Will a Public Blockbuster Be a Hit? Dave Marino-Nachison (TMF Braden)
August 11, 1999
There are a ton of Blockbuster Video stores out there -- some 6,500 in the U.S. and elsewhere -- and the company, through its advertising efforts, is probably the first word that comes to mind when most Americans think video rental. The company believes it has more than 27% market share in the U.S., with nearly 60% of the country's population living within three miles of at least one of its stores.
But shares of stock are bought, not rented, and the fees for holding on to them too long can get pretty steep. Today, Blockbuster (NYSE: BBI) enters the public market, having yesterday sold 31 million shares -- about 18% of its common stock -- for $15 each. Blockbuster traded publicly under the symbol "BV" before Viacom (NYSE: VIA) bought it in 1994.
So should investors add this one to their video libraries?
After an ill-fated foray into music retailing that ended last October, Blockbuster has reaffirmed its commitment to the video rental business under Chairman and CEO John Antico. The company is six quarters into a revenue-sharing agreement with Hollywood's major studios that exchanges a portion of rental revenues for the opportunity to obtain more videos at more reasonable prices with the idea that per-visit rentals will increase with an improved selection. Blockbuster began reporting same-store sales numbers in the double digits almost immediately and gross margins have also benefited substantially.
The plan has succeeded so far. Although video rental is a highly fragmented industry, it's not the sort of market where customers are likely to comparison-shop looking for the best deal -- they want to visit just one store, and it darn well better have the video they want, or at least a heck of a lot of choices. (Not everyone has been thrilled with the new approach. A Texas video chain sued Blockbuster last month, saying the revenue-sharing deal is driving smaller competitors out of business.)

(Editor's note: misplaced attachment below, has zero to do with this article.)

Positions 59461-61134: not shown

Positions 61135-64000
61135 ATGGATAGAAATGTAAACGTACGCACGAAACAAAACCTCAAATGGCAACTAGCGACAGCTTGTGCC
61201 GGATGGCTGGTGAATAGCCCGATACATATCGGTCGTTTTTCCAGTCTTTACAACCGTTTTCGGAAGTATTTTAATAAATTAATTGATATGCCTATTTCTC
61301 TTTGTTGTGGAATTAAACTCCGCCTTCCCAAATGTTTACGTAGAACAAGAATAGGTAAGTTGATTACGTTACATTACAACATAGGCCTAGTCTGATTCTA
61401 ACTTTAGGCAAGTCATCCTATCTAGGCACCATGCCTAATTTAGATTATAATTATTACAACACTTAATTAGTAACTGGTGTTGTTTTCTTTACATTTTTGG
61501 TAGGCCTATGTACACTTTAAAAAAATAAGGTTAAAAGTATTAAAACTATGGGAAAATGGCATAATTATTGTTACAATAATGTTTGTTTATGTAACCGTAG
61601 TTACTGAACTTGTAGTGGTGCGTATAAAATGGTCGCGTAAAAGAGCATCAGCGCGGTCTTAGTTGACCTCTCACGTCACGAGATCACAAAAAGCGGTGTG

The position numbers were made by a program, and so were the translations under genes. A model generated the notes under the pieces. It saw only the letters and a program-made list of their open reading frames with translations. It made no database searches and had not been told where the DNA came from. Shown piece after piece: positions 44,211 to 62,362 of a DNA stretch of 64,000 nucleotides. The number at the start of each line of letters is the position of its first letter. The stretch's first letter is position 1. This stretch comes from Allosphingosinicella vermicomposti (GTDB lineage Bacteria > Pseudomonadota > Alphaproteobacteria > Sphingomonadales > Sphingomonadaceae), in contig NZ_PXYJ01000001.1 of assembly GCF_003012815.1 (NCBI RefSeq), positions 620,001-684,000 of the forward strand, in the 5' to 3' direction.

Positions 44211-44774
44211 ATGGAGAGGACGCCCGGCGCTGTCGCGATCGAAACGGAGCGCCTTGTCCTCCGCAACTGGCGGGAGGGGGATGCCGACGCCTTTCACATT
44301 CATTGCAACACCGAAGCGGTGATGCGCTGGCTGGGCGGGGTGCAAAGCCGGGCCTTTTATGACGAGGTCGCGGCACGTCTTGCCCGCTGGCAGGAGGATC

Coupled with this initiative are aggressive expansion plans. Blockbuster intends to open approximately 1000 stores, most of them company-owned, in the U.S. and, to a lesser degree, overseas over the next three years.
By that time, Blockbuster hopes, it will have claimed 40% domestic market share.
It's worth pointing out now that all of the proceeds from the offering are going to pay off debt, which might be a sobering bit of information for those accustomed to reading the registration filings of Internet companies that all plan to plow their newfound funds into marketing, acquisitions, and other growth initiatives.
As with pretty much every media industry, technology and the Internet presents a threat of sorts. Video-on-demand, digital cable, pay-per-view, and other systems that allow viewers to pick and choose between programs whenever they want are likely to gain popularity in time and certainly won't help Blockbuster and its huge network of stores. How cooperative studios are with companies offering this kind of technology will be telling, particularly in light of their revenue-sharing deal with Blockbuster.
But with VCRs essentially ubiquitous in this country and DVDs apparently catching on as the next-generation video platform after laserdiscs and Divx flopped, Blockbuster should be able to parlay its size, scope, and marketing muscle into an advantage based on pricing and selection. Still, it would be nice to know the company had a contingency plan.
Until that happens -- or at least until Blockbuster moves back toward profitability after two years (plus Q1 of 1999) in the red -- it might be wise to hold out before going to see this one.
Investors seem to think so, at least this morning, as the shares haven't moved more than a few frames past their offer price as of this writing.